Aw Surgi, that would be nice. But I'm afraid God will have me do the same thing I did in some of the theatre musicals I did in college....mouth the words. Not a good singer, but I can fake it pretty well. :) But am looking forward to that glorified body!! I also lose my voice when singing, but had thyroid cancer and that seemed to make it worse. And I notice if I'm anemic or have not eaten enough salt and drank enough water, I get even more dizzy than usual.
Thank you for posting the last few days. Just reading 2 things in your posts was very validating for me!
1) That "electrophysilogist says they aren't classic panic attacks but wired up nervous system from ANS."
I have had anxiety and panic throughout my life, but I really believe that it is what you wrote above! I have never heard someone else say it. When you tell you doc that you have anxiety, they don't consider it a symptom of your illness, they think it is the CAUSE of all of your symptoms. This is so frustrating. I am a clinical psychologist and see no shame in anxiety or depression, but it infuriates me that most docs who can not figure out what is wrong with us, just write it off as an axiety or depressive disorder.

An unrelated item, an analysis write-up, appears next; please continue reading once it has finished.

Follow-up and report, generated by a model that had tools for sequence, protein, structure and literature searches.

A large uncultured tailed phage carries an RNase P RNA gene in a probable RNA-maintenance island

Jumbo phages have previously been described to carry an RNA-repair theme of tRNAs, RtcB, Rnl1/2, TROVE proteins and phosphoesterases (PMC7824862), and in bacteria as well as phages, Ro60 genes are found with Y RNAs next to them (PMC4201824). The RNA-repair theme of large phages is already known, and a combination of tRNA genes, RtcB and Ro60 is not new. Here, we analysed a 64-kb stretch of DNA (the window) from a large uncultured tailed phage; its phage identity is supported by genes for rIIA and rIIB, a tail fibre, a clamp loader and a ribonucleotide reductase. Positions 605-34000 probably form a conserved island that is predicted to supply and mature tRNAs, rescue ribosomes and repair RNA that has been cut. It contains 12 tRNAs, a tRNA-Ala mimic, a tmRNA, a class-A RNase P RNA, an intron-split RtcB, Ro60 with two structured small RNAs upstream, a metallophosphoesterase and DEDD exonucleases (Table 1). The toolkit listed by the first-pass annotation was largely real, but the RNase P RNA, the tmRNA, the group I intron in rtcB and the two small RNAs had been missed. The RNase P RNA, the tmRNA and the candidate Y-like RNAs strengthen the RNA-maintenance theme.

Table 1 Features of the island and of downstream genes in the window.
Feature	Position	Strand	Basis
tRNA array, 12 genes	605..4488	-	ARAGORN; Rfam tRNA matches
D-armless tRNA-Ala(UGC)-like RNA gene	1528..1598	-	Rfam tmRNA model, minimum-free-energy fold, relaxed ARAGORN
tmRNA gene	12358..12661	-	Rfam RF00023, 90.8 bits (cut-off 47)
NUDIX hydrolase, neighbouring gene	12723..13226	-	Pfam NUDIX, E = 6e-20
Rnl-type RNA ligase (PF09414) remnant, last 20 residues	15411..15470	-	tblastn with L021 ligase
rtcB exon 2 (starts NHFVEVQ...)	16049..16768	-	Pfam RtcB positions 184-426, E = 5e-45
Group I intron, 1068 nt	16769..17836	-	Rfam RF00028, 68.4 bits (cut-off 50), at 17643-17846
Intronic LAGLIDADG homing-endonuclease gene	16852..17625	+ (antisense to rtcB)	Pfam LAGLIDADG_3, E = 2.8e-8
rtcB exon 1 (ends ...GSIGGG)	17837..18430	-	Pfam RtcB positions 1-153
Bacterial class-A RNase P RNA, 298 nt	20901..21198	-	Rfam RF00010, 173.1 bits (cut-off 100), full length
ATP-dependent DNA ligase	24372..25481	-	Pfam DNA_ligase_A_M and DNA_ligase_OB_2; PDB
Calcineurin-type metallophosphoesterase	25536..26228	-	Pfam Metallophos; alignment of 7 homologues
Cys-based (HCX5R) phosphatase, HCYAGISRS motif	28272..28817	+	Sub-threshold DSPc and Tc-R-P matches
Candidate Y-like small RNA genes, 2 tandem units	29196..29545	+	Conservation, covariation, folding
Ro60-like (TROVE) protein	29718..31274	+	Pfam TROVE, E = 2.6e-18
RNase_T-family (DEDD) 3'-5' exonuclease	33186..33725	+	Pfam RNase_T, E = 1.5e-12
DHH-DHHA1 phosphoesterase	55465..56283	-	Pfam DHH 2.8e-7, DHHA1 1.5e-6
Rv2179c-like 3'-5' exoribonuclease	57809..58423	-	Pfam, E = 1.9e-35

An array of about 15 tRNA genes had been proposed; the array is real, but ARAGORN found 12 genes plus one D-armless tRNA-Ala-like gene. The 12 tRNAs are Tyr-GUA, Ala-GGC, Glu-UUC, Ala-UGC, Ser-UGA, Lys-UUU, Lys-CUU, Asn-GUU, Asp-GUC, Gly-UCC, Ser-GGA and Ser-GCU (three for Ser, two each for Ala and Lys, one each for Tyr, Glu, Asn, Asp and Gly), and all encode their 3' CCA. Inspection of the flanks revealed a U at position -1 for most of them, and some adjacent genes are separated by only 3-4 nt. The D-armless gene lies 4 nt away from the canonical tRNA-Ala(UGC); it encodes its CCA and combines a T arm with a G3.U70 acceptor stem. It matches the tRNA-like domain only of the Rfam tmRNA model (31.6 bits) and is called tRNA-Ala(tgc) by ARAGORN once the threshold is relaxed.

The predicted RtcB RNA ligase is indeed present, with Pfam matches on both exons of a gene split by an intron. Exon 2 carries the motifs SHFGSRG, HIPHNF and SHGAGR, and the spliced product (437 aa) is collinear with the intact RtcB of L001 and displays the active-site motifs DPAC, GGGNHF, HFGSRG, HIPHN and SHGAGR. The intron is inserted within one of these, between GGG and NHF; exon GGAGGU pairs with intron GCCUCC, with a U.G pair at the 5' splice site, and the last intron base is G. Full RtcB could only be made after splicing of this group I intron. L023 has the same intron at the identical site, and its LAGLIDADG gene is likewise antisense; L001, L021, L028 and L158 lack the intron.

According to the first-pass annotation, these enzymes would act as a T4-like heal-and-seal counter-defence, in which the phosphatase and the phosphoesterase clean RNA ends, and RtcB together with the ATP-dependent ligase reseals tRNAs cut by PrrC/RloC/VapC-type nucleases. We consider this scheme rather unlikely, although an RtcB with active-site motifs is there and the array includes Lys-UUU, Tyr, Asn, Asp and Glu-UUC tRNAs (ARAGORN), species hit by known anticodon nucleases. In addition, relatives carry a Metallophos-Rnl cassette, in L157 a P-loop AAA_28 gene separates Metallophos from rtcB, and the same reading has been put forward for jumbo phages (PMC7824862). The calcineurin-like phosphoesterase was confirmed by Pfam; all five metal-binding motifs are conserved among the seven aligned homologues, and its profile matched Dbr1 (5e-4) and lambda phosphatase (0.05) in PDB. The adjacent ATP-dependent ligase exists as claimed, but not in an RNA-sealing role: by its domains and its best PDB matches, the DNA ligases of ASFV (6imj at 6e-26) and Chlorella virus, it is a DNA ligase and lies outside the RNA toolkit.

2) I can't take meds as I have become sensitve and very reactive to 99% of them.
I am the same way...always have been!! I tell the doctors and they don't believe me. I tell them to give me the lowest dose of any med or a child's dose. I wonder if this is typical for people with Dysautonomia. I always wondered why I couldn't drink alcohol without feeling really ill right away. I just learned why from reading about dysautonomia...alcohol diates the blood vessels and we already have ours dialated too much, so it makes our symptoms much worse.